Gage Hecht (Donnelly / Aevolo) has been a standout on the road and in cyclocross throughout his young career. In recent years, he has raced for the Aevolo road program, and during the fall and winter, he has traded his Aevolo green for the light green of the Alpha Bicycle – Groove Subaru team.
When his cyclocross team announced Hecht would be leaving the Colorado-based development program after five years of success, it created a decent amount of speculation about where his cyclocross home would be this fall.
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That speculation was clarified prior to the ’cross season when Donnelly and Aevolo announced they were teaming up to sponsor Hecht and his road teammate Lance Haidet.
The two friends and teammates have been a dynamic pairing, with Hecht scoring an impressive sixth-place finish at the Jingle Cross Sunday C1 and winning his third-straight U23 Pan-American Championships title in Midland over the weekend. Haidet has also chipped in four UCI podiums and a win at the US Open of Cyclocross last month.
We took a closer look at Hecht’s bike earlier this season at the Jingle Cross weekend for our latest bike profile.
Gage Hecht’s Donnelly C//C Cyclocross Bike
Long known for its tires marketed under the Clement—and now Donnelly—brand, Colorado-based Donnelly decided to shred into the off-road bike market in 2018.
Knowing that it wanted to produce bikes ready to rip for cyclocross and gravel, Donnelly faced a choice between producing one do-it-all bike like the Pivot Vault or Santa Cruz Stigmata, to mention a few, or two bikes specifically designed for gravel and cyclocross similar to what Specialized has done with the CruX and Diverge or Trek with the Boone and Checkpoint.
After plenty of thought, research and input from riders such as long-time Donnelly rider Lance Haidet, the company decided to produce two bikes, each built specifically for their intended uses. Donnelly enlisted the help of former BMC head of product development Rolf Singenberger, and it developed the C//C cyclocross bike and the G//C gravel bike.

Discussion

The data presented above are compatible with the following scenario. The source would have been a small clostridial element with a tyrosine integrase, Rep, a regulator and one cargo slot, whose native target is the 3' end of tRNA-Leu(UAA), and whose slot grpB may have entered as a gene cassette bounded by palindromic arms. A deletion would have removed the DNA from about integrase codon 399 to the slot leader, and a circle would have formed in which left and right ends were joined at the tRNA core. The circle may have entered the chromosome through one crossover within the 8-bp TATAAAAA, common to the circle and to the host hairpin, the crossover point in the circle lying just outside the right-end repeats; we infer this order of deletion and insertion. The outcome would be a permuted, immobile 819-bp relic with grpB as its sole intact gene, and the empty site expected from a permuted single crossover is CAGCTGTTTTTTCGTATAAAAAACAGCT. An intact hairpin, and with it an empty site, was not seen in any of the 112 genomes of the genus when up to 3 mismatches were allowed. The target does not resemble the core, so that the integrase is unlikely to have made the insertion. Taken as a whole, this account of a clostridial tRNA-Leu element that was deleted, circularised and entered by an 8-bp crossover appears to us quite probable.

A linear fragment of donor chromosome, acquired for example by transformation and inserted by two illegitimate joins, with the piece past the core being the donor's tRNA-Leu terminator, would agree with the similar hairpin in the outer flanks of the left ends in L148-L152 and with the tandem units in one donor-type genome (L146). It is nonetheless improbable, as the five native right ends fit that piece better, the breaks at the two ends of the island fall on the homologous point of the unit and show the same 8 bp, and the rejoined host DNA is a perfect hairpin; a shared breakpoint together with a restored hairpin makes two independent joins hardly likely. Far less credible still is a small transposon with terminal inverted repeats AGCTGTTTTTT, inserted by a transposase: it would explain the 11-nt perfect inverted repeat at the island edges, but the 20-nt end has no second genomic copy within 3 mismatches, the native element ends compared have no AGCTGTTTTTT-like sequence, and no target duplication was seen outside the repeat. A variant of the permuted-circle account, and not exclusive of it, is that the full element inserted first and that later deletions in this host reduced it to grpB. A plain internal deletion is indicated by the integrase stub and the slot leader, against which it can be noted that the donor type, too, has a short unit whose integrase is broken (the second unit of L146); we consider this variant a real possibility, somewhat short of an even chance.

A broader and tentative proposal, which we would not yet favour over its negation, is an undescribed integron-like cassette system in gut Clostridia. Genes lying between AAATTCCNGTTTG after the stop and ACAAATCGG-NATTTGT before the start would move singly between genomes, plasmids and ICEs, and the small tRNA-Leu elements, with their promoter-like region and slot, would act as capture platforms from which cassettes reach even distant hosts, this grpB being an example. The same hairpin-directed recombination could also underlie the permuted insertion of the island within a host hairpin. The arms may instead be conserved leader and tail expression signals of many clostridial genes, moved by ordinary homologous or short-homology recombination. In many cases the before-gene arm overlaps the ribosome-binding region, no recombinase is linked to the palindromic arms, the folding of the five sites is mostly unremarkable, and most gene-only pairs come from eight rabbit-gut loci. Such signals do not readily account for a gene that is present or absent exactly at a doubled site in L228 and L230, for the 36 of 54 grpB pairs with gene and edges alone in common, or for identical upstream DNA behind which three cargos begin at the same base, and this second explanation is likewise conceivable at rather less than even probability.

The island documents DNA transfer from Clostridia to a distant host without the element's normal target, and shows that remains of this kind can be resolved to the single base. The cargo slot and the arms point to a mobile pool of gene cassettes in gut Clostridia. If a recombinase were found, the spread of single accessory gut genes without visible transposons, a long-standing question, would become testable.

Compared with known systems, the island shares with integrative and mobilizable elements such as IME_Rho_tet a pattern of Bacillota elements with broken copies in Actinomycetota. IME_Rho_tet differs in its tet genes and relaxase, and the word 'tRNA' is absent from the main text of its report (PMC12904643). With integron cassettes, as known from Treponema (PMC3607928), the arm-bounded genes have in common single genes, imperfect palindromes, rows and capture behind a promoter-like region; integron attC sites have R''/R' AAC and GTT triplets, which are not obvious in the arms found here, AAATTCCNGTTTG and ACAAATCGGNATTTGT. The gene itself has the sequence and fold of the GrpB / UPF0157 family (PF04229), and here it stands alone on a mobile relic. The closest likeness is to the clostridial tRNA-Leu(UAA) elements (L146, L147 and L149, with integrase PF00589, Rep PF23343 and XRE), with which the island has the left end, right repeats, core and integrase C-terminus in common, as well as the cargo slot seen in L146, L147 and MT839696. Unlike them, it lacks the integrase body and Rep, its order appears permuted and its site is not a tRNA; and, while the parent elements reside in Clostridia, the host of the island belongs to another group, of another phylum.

We first saw the G//C at the 2018 Dirty Kanza with Jamey Driscoll, and our first look at the C//C came when Haidet won the 2018 RenoCross (RIP). We also recently reviewed the C//C and found it to be a responsive, capable cyclocross race bike.
One of the Cs in C//C stands for “carbon” thanks to the frame and fork’s hi-modulus carbon build. The C//C has an aggressive “race-specific geometry” that includes a 6.4cm bottom bracket drop that puts the BB up relatively high by modern ’cross bike standards.
Hecht is riding the “Amy D. Blue” colorway of the C//C this season. The company offers the bike in black and light blue, with the blue chosen to reflect Donnelly’s support of the Amy D. Foundation cyclocross development team.
Like many riders in the domestic cyclocross peloton, Hecht is riding the Shimano GRX wave this season. Unlike his former teammate Brannan Fix, Hecht ran a 1x drivetrain, allowing him to use the GRX-series RX810-1 crankset and a 42t GRX chain ring.
A K-Edge Single Ring CX Chain Guide helped him keep his chain in line.
He paired the front ring with an RX815 Di2 rear derailleur that shifted across an 11-34t cassette. Up front, the re-designed RX815 dual control levers controlled Hecht’s shifting and braking.
Also notable about Hecht’s bike is the tubeless setup we saw when photographing his bike at Jingle Cross. Hecht and Haidet typically run Vision Metron tubular wheels with Donnelly tubular tires, but for muddy races, they are frequently running Donnelly’s new PDX WC tubeless tires. When we saw Hecht’s bike before the muddy Jingle Cross Day 3 race, he had the 700c x 33mm tanwall tires mounted to FSA AGX SL-K carbon tubeless clinchers.
Donnelly’s regular tubeless tires have been known to measure wider than 33mm on a lot of tubeless rims, making them a no-go for UCI-level racing. The company designed the PDX WC to meet UCI requirements, even on the 21.5mm internal width rims found on the AGX SL-K wheelset.
Full Speed Ahead helped equip Hecht’s cockpit. He ran an SL-K Compact carbon handlebar held by an alloy Energy stem. The Energy stem is noteworthy because FSA has stems higher up in the line available.
His seatpost was a carbon SL-K model, and it held a Selle SMP Blaster saddle that has an interesting design with a low nose, high tail and ribbon tailing behind.
Crankbrothers Candy 11 pedals rounded out Hecht’s contact points and provided a hint of matchy-matchiness with the Aevolo gold.
It is typically at this point in a Gage Hecht bike profile where we point out the Bart Simpson doll that has been along for the ride on his cyclocross bike for time immemorial, but at Jingle Cross, he had not yet Cowabungaized his new bike. Don’t have a cow though, man, because by the next weekend at World Cup Waterloo, Bart was back.
With his U23 Pan-Ams jersey secured, Hecht now looks forward to the final month of domestic racing before he heads to Lakewood Nationals, where he will likely throw down against the Elites and try to improve on his impressive bronze earned last December.
For a closer look at Hecht’s bike, see the photo gallery and specs below.